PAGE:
Lest we forget
All the light we cannot see : a novel
Doerr, Anthony, 1973- author
Marie Laure lives with her father in Paris within walking distance of the Museum of Natural History where he works. When the Germans occupy Paris, father and daughter flee to Saint-Malo on the Brittany coast, where Marie-Laure's great uncle lives in a tall, narrow house by the sea wall. In Germany, an orphan boy, Werner, grows up with his younger sister, Jutta, both enchanted by a crude radio Werner finds. He becomes a master at building and fixing radios. Werner travels through the heart of Hitler Youth to the far-flung outskirts of Russia, and finally into Saint-Malo, where his path converges with Marie-Laure.
Auschwitz : voices from the death camp
Deem, James M., author.
"Examines Auschwitz, a death camp during the Holocaust, including its construction and daily workings, true accounts from prisoners of the camp and Nazi perpetrators, and how more than 1 million people were murdered there"-- Provided by publisher.
The Auschwitz photographer : based on the true story of Wilhelm Brasse prisoner 3444
Crippa, Luca, 1964- author
When Germany invaded Wilhelm Brasse's native Poland in 1939, he was asked to swear allegiance to Hitler and join the Wehrmacht. He refused. He was deported to Auschwitz concentration camp as political prisoner number 3444. A trained portrait photographer, he was ordered by the SS to record the inner workings of the camp. He began by taking identification photographs of prisoners as they entered the camp, went on to capture the criminal medical experiments of Josef Mengele, and also recorded executions. Between 1940 and 1945, Brasse took around 50,000 photographs of the horror around him. He took them because he had no choice. Eventually, Brasse's conscience wouldn't allow him to hide behind his camera. First he risked his life by joining the camp's Resistance movement, faking documents for prisoners, trying to smuggle images to the outside world to reveal what was happening. Then, when Soviet troops finally advanced on the camp to liberate it, Brasse refused SS orders to destroy his photographs. 'Because the world must know,' he said."-- Provided by publisher.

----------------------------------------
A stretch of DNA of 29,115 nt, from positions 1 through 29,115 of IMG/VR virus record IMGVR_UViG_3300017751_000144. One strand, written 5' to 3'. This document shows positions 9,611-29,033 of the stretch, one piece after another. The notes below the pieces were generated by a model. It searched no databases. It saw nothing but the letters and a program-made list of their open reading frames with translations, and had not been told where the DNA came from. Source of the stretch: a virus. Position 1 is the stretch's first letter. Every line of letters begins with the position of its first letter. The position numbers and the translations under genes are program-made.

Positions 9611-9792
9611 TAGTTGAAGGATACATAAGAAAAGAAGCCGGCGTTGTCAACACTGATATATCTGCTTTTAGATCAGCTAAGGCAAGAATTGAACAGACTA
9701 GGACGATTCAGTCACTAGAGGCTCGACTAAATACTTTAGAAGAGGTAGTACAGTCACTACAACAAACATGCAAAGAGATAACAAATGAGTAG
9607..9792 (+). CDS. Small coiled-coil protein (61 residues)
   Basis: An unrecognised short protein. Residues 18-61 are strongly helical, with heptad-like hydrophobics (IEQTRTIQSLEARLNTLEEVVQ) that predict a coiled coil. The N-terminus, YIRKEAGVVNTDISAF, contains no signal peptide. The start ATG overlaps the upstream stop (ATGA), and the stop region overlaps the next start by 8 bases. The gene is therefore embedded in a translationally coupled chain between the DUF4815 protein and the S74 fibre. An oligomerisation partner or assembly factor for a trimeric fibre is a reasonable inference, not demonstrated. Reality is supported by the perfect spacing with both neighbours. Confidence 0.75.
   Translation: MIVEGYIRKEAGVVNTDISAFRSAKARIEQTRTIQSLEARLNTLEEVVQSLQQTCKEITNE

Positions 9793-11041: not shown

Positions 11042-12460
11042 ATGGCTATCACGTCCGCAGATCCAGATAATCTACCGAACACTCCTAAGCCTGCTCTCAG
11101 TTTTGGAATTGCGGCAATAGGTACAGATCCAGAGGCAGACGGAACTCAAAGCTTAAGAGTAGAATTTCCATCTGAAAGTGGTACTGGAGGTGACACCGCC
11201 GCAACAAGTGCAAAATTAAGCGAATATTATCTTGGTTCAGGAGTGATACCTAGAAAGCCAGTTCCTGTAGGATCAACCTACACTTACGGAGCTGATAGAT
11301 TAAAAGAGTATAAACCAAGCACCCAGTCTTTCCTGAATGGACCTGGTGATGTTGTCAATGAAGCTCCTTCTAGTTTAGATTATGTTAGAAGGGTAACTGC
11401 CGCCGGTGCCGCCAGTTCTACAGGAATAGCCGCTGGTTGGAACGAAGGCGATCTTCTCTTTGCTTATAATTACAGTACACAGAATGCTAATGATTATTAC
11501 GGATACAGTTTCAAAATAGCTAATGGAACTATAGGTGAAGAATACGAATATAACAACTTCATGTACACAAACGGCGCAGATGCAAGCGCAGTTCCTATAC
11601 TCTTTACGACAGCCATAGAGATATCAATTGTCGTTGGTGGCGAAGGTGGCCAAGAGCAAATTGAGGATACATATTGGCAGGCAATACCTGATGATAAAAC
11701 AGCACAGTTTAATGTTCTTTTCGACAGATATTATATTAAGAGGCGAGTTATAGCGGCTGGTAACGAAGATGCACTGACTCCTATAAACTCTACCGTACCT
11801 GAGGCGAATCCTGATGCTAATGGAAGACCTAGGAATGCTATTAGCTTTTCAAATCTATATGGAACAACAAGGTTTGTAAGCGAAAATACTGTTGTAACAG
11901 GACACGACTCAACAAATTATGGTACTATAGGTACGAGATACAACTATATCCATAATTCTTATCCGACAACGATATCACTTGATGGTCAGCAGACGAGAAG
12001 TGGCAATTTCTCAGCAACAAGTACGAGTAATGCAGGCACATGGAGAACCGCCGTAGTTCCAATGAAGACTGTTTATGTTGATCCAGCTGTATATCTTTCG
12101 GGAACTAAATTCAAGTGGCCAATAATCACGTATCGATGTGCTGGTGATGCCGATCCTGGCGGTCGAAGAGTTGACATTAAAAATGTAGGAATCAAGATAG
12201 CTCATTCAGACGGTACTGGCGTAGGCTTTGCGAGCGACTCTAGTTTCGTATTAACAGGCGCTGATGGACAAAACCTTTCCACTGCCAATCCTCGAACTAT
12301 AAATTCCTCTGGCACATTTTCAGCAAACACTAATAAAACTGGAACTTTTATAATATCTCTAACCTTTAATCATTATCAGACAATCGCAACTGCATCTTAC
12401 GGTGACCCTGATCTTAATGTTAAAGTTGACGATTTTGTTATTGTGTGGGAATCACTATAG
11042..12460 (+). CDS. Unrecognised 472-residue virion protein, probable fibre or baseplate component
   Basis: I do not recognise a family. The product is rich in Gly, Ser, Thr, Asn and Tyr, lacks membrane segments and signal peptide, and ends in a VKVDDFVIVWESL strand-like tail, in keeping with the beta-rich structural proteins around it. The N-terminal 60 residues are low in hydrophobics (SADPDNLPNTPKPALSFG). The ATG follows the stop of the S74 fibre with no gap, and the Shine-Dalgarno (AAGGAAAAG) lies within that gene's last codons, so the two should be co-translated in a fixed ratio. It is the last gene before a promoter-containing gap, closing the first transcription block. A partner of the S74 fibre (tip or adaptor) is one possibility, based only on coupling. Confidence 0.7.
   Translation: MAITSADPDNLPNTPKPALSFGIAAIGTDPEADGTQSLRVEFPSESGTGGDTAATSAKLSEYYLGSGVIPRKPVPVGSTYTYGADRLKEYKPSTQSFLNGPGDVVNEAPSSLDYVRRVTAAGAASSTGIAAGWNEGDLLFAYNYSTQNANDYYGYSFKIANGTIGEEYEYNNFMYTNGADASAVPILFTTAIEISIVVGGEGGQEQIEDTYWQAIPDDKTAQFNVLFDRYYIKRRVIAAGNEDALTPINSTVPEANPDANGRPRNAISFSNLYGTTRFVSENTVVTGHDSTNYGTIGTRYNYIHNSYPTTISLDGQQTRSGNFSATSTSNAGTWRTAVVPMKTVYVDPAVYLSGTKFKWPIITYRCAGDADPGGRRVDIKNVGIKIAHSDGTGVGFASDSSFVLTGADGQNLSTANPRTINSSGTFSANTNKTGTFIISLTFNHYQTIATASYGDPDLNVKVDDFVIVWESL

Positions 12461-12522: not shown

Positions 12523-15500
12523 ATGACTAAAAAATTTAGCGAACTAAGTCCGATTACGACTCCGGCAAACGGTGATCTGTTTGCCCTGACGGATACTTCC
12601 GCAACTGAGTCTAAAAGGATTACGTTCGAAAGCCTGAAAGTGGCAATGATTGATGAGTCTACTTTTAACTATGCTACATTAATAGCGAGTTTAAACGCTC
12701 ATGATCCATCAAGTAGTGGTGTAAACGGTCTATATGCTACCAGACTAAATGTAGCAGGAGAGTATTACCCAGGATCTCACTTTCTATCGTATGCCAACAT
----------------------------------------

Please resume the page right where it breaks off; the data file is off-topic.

The boy in the woods : a true story of survival during the Second World War
Smart, Maxwell, 1930- author
The boy who followed his father into Auschwitz : a true story of family and survival
Dronfield, Jeremy, author
In 1939, Gustav Kleinmann, a Jewish upholsterer in Vienna, was seized by the Nazis. Along with his teenage son Fritz, he was sent to Buchenwald in Germany. There began an unimaginable ordeal that saw the pair beaten, starved, and forced to build the very concentration camp they were held in. When Gustav was set to be transferred to Auschwitz--a certain death sentence--Fritz refused to leave his side. Throughout the horrors they witnessed and the suffering they endured, there was one constant that kept them alive: the love between father and son.
By chance alone : a remarkable true story of courage and survival at Auschwitz
Eisen, Max, author
This autobiography of Canadian Max Eisen details the rural Hungarian deportations to Auschwitz-Birkenau, back-breaking slave labour in Auschwitz I, the infamous 'death march' of January 1945, the painful aftermath of liberation, and a journey of physical and psychological healing.
The daughter of Auschwitz : my story of resilience, survival, and hope
Friedman, Tova, 1938- author
A powerful memoir by one of the youngest survivors of Auschwitz, Tova Friedman, following her childhood growing up during the Holocaust and surviving a string of near-death experiences in a Jewish ghetto, a Nazi labor camp, and Auschwitz.